The few souls who venture into the debris-strewn alleyways say their future is precarious
MOSUL, Iraq: Along the waterfront of the Euphrates River in Iraq’s war-torn Mosul, gaping holes in hotel walls reveal little but enormous heaps of rubble.
Six months since Iraqi forces seized the country’s second city from Daesh, human remains still rot in front of the Al Nuri mosque.
The building, denuded of its iconic minaret and largely reduced to ruins by the fighting, was the site of the only known public appearance by Daesh leader Abu Bakr Al Baghdadi following the group’s declaration of a “caliphate” in 2014.
Mosul residents have gone from euphoria at the city’s “liberation” after three years of Daesh rule to uncertainty.
The few souls who venture into the debris-strewn alleyways say their future is precarious.
Iraq forces defeated Daesh in Mosul in July 2017 after months of intense urban battles that reduced the historic Old City to ruins.
Pounded by international coalition air strikes and constant shell fire by Daesh, most of Mosul’s residents fled.
Some never made it out.
Asma Mohammad’s father and husband were killed in an air strike then hurriedly buried, like several of their neighbours, in improvised cemeteries on a vacant strip of land.
Mohammad said the strike missed its target, hitting civilians rather than militants occupying the nearby buildings.
Iraqi authorities “say they need to investigate before issuing death certificates”, she said, sitting in her modest Old City house, itself damaged during the violence.
She is one of many Mosul residents who count family members among those killed in air strikes.
The United States-led coalition against Daesh in Syria and Iraq has admitted to killing 817 civilians over three years of battling the group.
But according to sources in Mosul, some 2,000 civilians were killed in coalition air strikes and fighting in the city alone.
Since her parents died, Asma and her two children have survived day-to-day on donations from friends and neighbours.
When she thinks of the future, she begins to cry.
Only one other family has returned to this part of the Old City — that of Ansam Anwar, 30, who headed back just days ago with her husband and their five children.
In small whitewashed rooms around the inner courtyard of their house, the cold is biting. The utilities have been cut off and electricity metres torn from the walls.
Ansam’s husband, a labourer, has yet to find work in the largely deserted Old City.
“There is still no water or electricity, my children are still deprived of school. Even the smell of rotting bodies continues to suffocate us,” Ansam said as she moves away dust and debris covering the ground.
The alley outside is partially blocked by wooden furniture.
Further down the street, Abu Qutayba Al Attar, 59, walks through the once crowded alleys of the historic market, a traditional kuffiyeh scarf around his head and a long robe reaching his feet.
His father’s shop, where he spent his days “from the age of six onwards”, was destroyed in the carnage.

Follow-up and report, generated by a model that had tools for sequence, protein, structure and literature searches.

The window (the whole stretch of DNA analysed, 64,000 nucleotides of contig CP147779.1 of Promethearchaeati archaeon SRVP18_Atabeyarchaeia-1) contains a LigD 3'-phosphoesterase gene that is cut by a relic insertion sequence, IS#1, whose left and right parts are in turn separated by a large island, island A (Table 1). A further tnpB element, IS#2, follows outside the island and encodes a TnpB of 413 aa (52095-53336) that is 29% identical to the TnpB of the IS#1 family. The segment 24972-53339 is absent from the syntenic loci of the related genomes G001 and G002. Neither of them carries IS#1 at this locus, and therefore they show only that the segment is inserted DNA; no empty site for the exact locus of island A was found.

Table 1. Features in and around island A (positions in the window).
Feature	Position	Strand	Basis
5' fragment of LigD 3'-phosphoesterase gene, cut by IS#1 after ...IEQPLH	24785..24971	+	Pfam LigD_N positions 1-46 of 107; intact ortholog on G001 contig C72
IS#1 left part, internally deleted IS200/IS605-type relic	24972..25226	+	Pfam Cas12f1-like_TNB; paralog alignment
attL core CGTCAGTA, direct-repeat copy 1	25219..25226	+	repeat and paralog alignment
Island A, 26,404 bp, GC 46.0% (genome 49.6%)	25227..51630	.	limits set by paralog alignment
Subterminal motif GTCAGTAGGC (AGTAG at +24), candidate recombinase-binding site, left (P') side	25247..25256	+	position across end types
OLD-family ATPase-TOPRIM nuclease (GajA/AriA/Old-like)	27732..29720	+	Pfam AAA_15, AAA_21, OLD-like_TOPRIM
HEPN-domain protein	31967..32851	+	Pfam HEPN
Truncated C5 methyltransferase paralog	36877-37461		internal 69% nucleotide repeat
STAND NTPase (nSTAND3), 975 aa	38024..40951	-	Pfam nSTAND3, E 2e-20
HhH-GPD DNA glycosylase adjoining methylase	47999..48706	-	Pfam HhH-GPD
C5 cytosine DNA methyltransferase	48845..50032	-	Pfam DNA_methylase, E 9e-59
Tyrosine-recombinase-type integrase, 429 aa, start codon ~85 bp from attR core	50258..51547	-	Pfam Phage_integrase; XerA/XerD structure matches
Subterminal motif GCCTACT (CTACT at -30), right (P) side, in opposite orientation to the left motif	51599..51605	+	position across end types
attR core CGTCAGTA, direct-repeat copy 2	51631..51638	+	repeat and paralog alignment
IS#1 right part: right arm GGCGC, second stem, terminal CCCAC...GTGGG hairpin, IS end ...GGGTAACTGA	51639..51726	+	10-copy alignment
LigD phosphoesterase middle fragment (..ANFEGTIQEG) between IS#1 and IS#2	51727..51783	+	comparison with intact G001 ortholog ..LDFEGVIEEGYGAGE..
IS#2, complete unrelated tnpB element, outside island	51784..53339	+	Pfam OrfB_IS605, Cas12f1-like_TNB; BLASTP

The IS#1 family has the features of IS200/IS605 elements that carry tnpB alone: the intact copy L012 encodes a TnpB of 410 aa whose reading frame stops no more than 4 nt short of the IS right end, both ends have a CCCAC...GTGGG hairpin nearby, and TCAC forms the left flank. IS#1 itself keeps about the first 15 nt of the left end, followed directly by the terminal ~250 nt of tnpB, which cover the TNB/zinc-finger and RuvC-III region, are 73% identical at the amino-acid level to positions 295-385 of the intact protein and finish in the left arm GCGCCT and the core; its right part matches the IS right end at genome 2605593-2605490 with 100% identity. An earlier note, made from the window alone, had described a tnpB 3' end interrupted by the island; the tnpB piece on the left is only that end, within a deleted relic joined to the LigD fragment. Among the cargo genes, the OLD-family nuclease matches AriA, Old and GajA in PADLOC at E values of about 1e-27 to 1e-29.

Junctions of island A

After the fighting reached his neighbourhood a year ago, he said he remained “shut up at home in a state of depression”.
But now he has started working to rebuild the shop at his own expense.
Now that “security has returned”, the economy must follow, he insisted.
Sitting at a historic trading crossroads close to Syria and Turkey, Mosul has long thumbed its nose at authorities in Baghdad.
But traders say working with the authorities is essential to ensure that Daesh does not return.
“Now, we must cooperate with the security forces that have liberated us and inform on anyone who seems suspicious, rather than remain passive,” one said.
After their invasion of Iraq in 2003, American forces took huge losses in Mosul and the surrounding region, from which many of former dictator Saddam Hussain’s army officers originated.
Even before Daesh launched its lightning takeover of a third of Iraq’s territory and large parts of Syria in 2014, extremist groups had taken control in some areas, placing them off limits to Iraqi forces.
The authorities at the time blamed Al Qaida “sleeper cells” — a phrase many use today to refer to the remnants of Daesh.
“For the time being, the residents are cooperating completely and informing us when they see strangers in their neighbourhoods,” said a police officer, who asked to remain anonymous.
“We hope that will continue — if not, everything could change and a new Daesh could emerge.”
Mozhar Abdul Qader, a 48-year-old trader, cautioned against celebrating too quickly. The conditions that allowed Daesh to recruit en masse in Mosul still exist, he said.
“There is unemployment, injustice. People don’t have enough to eat. So when you give them $100 to plant a bomb, they do it,” the father of five told AFP.
He said he regularly returns to examine his house in the Old City, riddled with bullets and shells.
He stood in the rubble of the Al Nuri mosque, now a cemetery of burnt cars.
“If we feed everyone and find work for young people, you can be sure that everyone would protect the country even better than the security forces,” he said.